Pets allowed
Elevation Gain
2,400.00 ft (731.52 m)
Trail type
6.00 mi (9.66 km)
Please respect the outdoors by practicing Leave No Trace. Learn more about how to apply the principles of Leave No Trace on your next outdoor adventure here.

The route to Mount Ellis is a sure calf stretcher that offers striking panoramic views of Gallatin Valley and five mountain ranges. The trailhead for this hike is not far from the historical Fort Ellis, an important military outpost active in the Montana Territory from 1867 through 1886.

The trail cuts through open grazing land for a third of a mile before entering forested state land. The next mile and a half gently switchback up the north face of Mount Ellis, with great views of the Gallatin Valley to the north and west. The limestone ridge of Chestnut Mountain dominates your eastern view.

Over 2.25 miles in the trail leaves the doubletrack road and sneaks off to a defined but brushy foot trail that climbs steeply to Lower Mount Ellis. The view at the top might just leave you breathless – literally. Find a comfortable rocky outcropping to take it all in. The city of Bozeman lies immediately below you. The Bridgers rise majestically to your north. The Crazies can be seen in the far distance to your northeast. The Absaroka Range and Paradise Valley peak out over the northern foothills of the Gallatin Range. The upper peak of Mount Ellis is another 1.4 miles across the saddle to the south. The beautiful forested canyons of the Gallatin Range roll almost endlessly to the southwest, culminating in the jagged Spanish Peaks. The Tobacco Roots are just a tick over on the eastern horizon.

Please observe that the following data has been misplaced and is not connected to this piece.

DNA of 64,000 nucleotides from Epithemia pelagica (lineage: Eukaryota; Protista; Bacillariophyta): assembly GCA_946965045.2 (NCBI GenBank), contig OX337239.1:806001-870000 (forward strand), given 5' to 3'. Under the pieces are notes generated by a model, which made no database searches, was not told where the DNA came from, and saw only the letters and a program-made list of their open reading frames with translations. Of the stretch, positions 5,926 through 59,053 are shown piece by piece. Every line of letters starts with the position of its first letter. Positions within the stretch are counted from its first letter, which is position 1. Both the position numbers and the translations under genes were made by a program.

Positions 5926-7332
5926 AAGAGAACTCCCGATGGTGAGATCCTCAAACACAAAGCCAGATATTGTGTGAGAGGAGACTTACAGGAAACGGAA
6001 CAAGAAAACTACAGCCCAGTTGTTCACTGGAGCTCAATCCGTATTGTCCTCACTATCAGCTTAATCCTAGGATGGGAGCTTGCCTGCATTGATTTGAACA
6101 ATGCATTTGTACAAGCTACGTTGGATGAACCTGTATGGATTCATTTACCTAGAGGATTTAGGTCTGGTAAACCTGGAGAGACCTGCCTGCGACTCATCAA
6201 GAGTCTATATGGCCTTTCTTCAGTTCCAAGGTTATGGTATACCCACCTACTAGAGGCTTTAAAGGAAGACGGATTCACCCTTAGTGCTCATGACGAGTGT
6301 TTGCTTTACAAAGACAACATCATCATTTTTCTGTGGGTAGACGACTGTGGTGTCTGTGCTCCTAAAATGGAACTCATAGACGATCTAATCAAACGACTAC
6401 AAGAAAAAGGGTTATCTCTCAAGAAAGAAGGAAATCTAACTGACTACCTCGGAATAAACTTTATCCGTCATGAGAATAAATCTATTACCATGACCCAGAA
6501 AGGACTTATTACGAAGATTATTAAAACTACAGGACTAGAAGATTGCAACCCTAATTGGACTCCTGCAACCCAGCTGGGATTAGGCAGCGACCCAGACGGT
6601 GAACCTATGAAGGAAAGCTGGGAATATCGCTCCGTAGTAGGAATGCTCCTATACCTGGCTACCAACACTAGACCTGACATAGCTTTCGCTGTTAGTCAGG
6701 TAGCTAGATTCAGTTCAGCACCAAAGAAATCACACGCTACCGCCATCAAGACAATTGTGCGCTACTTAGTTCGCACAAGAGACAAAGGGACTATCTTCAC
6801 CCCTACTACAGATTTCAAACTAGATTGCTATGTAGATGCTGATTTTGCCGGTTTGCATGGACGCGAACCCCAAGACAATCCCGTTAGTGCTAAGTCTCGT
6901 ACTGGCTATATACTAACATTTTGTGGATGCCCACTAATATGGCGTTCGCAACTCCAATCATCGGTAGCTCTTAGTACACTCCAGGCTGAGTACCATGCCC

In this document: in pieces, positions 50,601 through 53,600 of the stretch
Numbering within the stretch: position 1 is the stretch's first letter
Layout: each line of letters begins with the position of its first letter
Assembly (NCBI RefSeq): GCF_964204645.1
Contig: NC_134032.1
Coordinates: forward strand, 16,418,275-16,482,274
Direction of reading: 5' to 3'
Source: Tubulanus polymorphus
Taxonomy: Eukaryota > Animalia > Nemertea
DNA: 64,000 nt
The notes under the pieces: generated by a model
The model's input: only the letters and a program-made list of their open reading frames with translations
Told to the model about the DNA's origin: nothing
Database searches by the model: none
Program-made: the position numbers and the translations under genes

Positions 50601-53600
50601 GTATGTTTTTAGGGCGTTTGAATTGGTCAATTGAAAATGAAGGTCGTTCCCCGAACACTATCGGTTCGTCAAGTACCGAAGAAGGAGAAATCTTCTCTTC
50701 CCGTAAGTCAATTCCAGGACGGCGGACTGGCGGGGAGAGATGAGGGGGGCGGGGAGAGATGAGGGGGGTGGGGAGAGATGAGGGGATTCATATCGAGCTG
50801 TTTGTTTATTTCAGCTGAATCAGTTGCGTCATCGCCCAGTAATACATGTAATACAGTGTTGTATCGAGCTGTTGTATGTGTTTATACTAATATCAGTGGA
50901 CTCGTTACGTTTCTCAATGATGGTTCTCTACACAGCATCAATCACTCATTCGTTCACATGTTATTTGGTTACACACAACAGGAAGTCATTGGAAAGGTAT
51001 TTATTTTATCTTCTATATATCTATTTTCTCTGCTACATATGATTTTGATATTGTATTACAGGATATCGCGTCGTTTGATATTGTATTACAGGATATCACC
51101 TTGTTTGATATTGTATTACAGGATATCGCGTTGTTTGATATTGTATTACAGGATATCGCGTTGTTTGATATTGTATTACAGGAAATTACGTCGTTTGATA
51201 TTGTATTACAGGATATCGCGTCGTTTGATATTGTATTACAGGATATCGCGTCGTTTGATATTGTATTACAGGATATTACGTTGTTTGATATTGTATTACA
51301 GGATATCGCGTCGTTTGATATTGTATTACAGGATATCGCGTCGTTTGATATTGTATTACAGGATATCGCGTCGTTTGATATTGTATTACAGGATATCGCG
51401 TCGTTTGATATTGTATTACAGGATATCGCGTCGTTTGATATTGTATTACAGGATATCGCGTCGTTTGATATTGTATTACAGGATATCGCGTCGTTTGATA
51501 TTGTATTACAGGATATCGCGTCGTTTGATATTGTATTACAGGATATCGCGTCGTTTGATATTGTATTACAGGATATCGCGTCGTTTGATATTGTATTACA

Logistics + Planning

Preferable season(s)




Parking Pass

Not Required


Sweeping views.


Steep ascent. Actively logged.

Trailhead Elevation

5,286.00 ft (1,611.17 m)


Historically significant
Big Game Watching
Big vistas
Old-growth forest
Big Game Watching

Suitable for



Nearby Adventures

Big Sky + Gallatin River Valley, Montana
Big Sky + Gallatin River Valley, Montana


Abundant pasqueflowers off trail on a recent trip up to Lower Mt. Ellis.
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